Pop culture obsessives writing for the pop culture obsessed.
Pop culture obsessives writing for the pop culture obsessed.

Convinced it doesn’t have enough Ridiculousness, MTV orders up some Adorableness

Alyson Hannigan debates the Adorableness of internet videos as All American closes out its third season

Image of James Davis in MTV's Adorableness
James Davis
Screenshot: Adorableness

Here’s what’s happening in the world of television for Monday, July 19. All times are Eastern. 

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Top pick

Adorableness (MTV, 7p.m.): Ridiculousness has long since taken over MTV. The Rob Dyrdek-hosted program, in which he watches YouTube and social media videos with panelists to gauge their, you know, dominates the cable network’s schedule, and has even led to three spin-offs. There’s Deliciousness, which sees Tiffani Amber Thiessen making fun of various culinary “fails,” and the intentionally misspelled Messyness, hosted by Jersey Shore representative Snooki. Now comes Adorableness, a kind of antidote to the mockery that runs through all the other shows in the -ness franchise. Hosted by comedian James Davis, Adorableness will focus on cutesy videos from the internet, which will be “aww-ed” over by the likes of Alyson Hannigan, The Daily Show’s Dulcé Sloan, and perennial RuPaul’s Drag Race judge Ross Mathews. How will this differ from walking over to a friend/spouse/stranger in a coffee shop to show them a TikTok compilation video of babies laughing? We’re not sure, though there will probably be considerably less “Leave me alone, I’m busy/who are you?”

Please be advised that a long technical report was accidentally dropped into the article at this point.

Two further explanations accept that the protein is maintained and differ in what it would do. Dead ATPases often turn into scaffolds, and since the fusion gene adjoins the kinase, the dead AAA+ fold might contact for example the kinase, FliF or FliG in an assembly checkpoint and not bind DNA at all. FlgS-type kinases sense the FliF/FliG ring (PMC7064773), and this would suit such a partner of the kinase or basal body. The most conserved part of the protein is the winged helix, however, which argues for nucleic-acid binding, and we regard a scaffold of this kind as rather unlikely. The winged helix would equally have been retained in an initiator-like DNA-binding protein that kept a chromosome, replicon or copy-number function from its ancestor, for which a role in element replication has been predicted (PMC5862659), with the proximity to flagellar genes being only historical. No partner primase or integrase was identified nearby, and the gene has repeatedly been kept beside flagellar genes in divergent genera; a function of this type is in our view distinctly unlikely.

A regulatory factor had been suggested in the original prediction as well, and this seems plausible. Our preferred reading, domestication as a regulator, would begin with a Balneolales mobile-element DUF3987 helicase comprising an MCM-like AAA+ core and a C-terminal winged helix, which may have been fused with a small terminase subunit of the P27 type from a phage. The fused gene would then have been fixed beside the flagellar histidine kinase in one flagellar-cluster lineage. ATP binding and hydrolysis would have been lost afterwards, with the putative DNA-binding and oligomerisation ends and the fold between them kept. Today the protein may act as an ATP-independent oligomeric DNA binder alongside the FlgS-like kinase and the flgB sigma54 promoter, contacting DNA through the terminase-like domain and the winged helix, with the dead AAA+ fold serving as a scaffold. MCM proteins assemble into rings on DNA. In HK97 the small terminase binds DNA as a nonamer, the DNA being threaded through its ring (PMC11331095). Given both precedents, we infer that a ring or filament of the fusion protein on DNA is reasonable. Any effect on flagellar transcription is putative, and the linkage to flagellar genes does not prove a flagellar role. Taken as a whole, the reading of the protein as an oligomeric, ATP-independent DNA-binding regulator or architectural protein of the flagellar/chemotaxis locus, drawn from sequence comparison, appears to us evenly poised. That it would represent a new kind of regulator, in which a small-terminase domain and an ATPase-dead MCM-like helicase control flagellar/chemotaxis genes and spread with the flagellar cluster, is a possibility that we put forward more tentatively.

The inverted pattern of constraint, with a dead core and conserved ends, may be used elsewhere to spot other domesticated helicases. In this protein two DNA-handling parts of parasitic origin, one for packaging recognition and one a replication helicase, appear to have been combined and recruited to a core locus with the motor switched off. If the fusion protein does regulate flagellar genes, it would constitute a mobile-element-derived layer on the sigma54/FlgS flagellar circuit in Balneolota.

Regular coverage

The Bachelorette (ABC, 7 p.m., season-three finale): Now that Katie is down to her final six suitors, Gwen Ihnat dives back into The Bachelorette dating pool to see who makes it to hometowns week (probably not you, Brendan).

Wild card

All American (The CW, 8 p.m., season-three finale): For three seasons, April Blair’s CW series has combined a potent coming-of-age tale with a sports drama. The story of Spencer James (Daniel Ezra, who continues to turn in a remarkable performance) began with the gifted athlete, who grew up in Compton, trying to figure out how to navigate the privileged environs of Beverly Hills High after he’s recruited by football coach Billy Baker (Taye Diggs). Throughout the series, Spencer has wrestled with being thrust into the position of being a “representative for the Black community.” In season three, Spencer returned to South Crenshaw High, and showrunner Nkechi Okoro Carroll expanded the narrative to reflect the impact of the Black Lives Matter movement. The season-three finale, “In These times,” airs tonight. The complete season will be available July 27 on Netflix, but you can already catch up on seasons one and two.